Stories of Injustice (10): LASPO and the cuts

My tenth story of injustice relates to a problem that  was frequently mentioned in the evidence furnished to the Bach Commission.  It relates to the conduct of a small minority of the duty solicitors approved by the Legal Aid Agency for police station duty.


The loss of a taxi-driver’s licence

Bert had worked for 17 years as an honest, decent minicab-driver.  He was then accused of taxi touting.  The duty solicitor at the police station advised him to accept a caution for taxi touting so that he could get out of the police station quickly and avoid a criminal conviction.

As a consequence of the caution Bert automatically lost his cab licence because Transport for London (TFL) operates a zero tolerance policy, and one cannot go behind the caution.

He instructed counsel on his TFL licence appeal, who tried his best with the magistrates (on the basis that he had had a strong defence to the taxi touting charge) but it was hopeless.   He was stuck with the consequences of the caution, on which he had received inadequate advice.

As a result of that one piece of inadqeuate advice, Bert lost his livelihood and a job he loved.



The experienced barrister who told us this story also said:

I have dealt with clients given disastrous advice at police stations who then come and see me privately when it is often too late – the worst examples being the number of clients who have been told by a police rep (who has passed a few simple exams and is then able to advise vulnerable individuals in police stations which is terrifying) to accept cautions as it will then just “be over and done with” without thinking of the other consequences of a criminal conviction and when in the circumstances it is patently not right to accept the caution.

Access to justice means access to a motivated, qualified professional and competent lawyer: not some unqualified non-solicitor rep cadging around £80 a hit (after the firm has taken their fee) for police station work.

I should say that I don’t blame the rep or the firm at all but the increasing lack of quality control and the terrible fees that mean this sort of incompetence / “get ‘em in; get ‘em out” attitude becoming more frequent. It stems from a systemic lack of funding in the system.


Readers of my blogs will recall that the existence of this problem also featured in the oral evidence given to us by the London Criminal Courts’Solicitors’ Association:

Criminal contracting came in just over 20 years ago.  PACE introduced a solicitors’ advice scheme in police stations.  Solicitors needed an incentive to go to the police station when they got a call from a custody sergeant.  Nobody wanted to do it.   It was not glamorous work.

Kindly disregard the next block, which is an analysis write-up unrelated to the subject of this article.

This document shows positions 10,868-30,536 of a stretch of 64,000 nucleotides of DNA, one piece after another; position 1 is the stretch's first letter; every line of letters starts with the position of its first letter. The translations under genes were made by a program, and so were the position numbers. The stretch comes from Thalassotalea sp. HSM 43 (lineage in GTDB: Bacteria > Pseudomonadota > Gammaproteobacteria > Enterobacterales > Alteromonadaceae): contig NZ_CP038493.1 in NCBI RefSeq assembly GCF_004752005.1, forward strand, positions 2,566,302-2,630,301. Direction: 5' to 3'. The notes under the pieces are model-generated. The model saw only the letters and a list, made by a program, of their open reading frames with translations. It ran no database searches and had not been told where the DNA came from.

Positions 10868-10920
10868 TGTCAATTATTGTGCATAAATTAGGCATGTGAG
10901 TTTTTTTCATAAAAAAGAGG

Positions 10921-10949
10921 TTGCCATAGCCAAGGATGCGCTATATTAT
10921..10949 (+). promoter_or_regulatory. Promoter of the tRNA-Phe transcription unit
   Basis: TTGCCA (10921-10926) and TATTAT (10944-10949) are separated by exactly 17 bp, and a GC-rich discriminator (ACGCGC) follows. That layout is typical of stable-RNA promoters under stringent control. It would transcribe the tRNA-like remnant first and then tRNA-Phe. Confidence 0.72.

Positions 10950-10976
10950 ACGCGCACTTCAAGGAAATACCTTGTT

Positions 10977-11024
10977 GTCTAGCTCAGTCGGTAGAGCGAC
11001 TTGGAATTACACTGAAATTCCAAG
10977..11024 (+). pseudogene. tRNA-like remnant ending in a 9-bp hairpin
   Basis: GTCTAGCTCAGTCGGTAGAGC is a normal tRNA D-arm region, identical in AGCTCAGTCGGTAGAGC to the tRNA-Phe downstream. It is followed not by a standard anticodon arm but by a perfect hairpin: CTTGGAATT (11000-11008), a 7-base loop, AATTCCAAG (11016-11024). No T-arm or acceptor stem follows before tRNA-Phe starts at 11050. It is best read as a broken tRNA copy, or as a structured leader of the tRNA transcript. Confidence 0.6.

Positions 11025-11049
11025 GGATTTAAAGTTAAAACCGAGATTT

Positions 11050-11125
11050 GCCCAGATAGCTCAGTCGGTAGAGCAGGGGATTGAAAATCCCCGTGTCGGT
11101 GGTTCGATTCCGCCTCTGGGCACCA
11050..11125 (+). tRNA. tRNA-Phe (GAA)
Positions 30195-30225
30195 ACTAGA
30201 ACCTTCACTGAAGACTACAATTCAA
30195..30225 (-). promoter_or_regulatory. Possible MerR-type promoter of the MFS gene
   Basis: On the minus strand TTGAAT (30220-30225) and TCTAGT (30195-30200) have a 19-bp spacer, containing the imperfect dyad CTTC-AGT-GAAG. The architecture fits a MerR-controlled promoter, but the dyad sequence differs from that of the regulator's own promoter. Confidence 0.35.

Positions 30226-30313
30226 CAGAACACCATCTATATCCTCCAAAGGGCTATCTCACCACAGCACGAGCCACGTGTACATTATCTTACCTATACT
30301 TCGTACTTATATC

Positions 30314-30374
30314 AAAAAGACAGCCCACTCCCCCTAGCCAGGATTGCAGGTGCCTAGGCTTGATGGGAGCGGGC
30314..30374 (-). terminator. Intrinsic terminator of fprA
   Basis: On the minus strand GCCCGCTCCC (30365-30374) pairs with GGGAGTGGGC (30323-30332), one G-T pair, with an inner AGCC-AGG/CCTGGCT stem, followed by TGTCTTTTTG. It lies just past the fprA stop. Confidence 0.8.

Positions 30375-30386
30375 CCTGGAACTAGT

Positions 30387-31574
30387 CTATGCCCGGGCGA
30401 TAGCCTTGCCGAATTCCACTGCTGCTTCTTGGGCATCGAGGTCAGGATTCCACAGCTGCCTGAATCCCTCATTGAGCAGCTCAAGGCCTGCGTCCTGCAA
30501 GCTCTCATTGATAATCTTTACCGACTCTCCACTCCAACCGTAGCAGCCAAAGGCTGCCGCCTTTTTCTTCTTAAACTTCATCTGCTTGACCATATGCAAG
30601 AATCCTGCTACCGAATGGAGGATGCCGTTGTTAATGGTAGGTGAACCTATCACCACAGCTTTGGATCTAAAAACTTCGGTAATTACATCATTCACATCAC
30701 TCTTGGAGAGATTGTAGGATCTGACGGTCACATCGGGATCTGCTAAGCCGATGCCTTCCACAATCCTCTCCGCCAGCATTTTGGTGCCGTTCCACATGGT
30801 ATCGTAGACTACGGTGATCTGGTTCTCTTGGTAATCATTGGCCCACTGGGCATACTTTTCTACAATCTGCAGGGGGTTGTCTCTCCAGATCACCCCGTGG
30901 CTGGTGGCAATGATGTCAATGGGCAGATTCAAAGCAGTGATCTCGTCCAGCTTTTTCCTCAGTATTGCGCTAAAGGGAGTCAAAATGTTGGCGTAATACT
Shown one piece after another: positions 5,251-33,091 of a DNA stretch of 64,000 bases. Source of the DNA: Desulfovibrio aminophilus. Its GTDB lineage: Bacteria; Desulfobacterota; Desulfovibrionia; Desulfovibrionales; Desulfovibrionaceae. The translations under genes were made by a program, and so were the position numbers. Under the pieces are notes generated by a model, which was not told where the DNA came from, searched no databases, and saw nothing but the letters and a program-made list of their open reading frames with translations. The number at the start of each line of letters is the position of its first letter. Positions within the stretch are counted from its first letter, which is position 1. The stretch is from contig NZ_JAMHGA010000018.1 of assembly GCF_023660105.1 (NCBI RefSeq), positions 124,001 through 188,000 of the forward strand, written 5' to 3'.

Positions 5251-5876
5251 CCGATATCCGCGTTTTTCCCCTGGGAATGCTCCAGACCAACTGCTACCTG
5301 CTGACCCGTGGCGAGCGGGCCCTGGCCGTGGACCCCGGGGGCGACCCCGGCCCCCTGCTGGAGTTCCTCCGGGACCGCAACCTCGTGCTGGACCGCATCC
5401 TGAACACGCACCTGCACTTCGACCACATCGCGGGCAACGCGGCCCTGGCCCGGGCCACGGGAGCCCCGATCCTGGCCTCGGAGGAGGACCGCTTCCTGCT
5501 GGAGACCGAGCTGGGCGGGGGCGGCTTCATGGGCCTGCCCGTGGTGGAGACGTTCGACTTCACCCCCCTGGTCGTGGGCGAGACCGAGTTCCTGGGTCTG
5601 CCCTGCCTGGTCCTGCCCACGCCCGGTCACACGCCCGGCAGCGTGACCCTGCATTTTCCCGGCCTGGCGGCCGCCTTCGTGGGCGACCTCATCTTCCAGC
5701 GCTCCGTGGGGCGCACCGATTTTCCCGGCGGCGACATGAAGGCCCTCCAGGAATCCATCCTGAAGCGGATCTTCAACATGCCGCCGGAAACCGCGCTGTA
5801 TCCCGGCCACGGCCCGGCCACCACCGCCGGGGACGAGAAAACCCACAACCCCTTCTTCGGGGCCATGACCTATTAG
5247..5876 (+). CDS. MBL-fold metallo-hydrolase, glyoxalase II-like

Solicitors were then incentivised to do the work by relatively generous hourly rates, higher rates for evenings and weekends, and different rates for different types of offence.  There was an enhanced rate for murder cases, for which a solicitor would be paid properly.  This meant that quality representation was provided for those who were most at risk and in need of proper representation.  People were being paid properly, and were enabled to take time for the task and ensure proper disclosure.

Things improved still further after the Cardiff Three case.  Accreditation was introduced to prevent a re-occurrence of the problems in that case.  Quality representation was always to be key.

The duty solicitor scheme was seen by some as a means to an end.  Newly qualified young solicitors wanted to achieve duty solicitor status for their self-respect, if nothing else.  They had autonomy over their cases and could decide how they were run, and they were not at the beck and call of supervisors.

Another problem arose from the deregulation of higher education and the opening up of colleges of law.  Firms recruited graduates without training contracts.  The firms were encouraged to maximise their income, and these graduates constituted police station fodder.  They were given a certain amount of training in what to do.

From 2008 onwards there was an attempt to control the cost of police station payments by introducing a fixed fee scheme.   This was not welcomed by the profession.   Corner-cutting took place to minimise the time spent in the police station, so as to balance off the hours of dead time.  The fixed fee constituted a reward for getting in and out of the police station quickly.    When the police messed you about and forced you to wait several hours, you might be too far from your office to go back to it, and this constituted dead time.   You might have to wait all night for an appropriate adult.

This swings and roundabouts system didn’t do justice any favours.  In making savings in one place, they were running up costs elsewhere, as a National Audit Office report made clear.  Mistakes were being made elsewhere as a result of cuts in justice.

How can this be justice when the consequences of inadequate advice may be so devastating?

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